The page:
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A Long-dead Star: Supernova Remnant DEM L316A | Hubble

A Long-dead Star: Supernova Remnant DEM L316A | Hubble

This NASA/European Space Agency Hubble Space Telescope image captures the remnants of a long-dead star. These rippling wisps of ionized gas, named DEM L316A, are located some 160,000 light-years away within one of the Milky Way’s closest galactic neighbors—the Large Magellanic Cloud (LMC).

Distance: 150,000 light years

The explosion that formed DEM L316A was an example of an especially energetic and bright variety of supernova, known as a Type Ia. Such supernova events are thought to occur when a white dwarf star steals more material than it can handle from a nearby companion, and becomes unbalanced. The result is a spectacular release of energy in the form of a bright, violent explosion, which ejects the star’s outer layers into the surrounding space at immense speeds. As this expelled gas travels through the interstellar material, it heats it up and ionize it, producing the faint glow that Hubble’s Wide Field Camera 3 has captured here.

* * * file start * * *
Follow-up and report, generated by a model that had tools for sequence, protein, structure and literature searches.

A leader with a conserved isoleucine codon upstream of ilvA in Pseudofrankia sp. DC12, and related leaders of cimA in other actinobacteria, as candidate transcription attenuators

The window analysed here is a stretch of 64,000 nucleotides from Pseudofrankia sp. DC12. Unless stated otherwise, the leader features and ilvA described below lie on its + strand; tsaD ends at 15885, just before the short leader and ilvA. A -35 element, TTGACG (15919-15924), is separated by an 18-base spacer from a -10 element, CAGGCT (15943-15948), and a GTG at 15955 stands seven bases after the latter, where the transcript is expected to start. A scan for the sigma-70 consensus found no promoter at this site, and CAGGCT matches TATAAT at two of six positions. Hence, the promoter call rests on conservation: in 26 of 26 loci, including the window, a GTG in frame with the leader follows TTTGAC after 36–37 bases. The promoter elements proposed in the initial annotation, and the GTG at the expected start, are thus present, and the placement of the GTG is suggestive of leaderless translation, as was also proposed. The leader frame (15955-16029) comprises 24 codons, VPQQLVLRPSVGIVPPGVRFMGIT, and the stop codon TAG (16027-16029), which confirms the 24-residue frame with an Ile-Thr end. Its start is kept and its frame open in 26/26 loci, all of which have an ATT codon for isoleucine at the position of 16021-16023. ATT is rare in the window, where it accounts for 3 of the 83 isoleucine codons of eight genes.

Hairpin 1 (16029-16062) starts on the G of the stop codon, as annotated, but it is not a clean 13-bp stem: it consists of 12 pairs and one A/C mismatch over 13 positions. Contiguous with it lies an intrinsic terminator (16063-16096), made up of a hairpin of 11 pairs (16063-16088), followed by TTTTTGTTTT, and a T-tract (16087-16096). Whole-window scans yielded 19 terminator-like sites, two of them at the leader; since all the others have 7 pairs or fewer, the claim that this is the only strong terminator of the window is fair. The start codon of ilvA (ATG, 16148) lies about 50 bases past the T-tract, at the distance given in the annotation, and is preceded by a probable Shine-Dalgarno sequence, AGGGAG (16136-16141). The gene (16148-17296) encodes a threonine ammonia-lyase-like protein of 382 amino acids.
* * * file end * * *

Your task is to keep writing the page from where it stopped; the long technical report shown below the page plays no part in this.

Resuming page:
The LMC orbits the Milky Way as a satellite galaxy and is the fourth largest in our group of galaxies, the Local Group.

Credit: European Space Agency/Hubble & NASA, Y. Chu

Release Date: July 25, 2016

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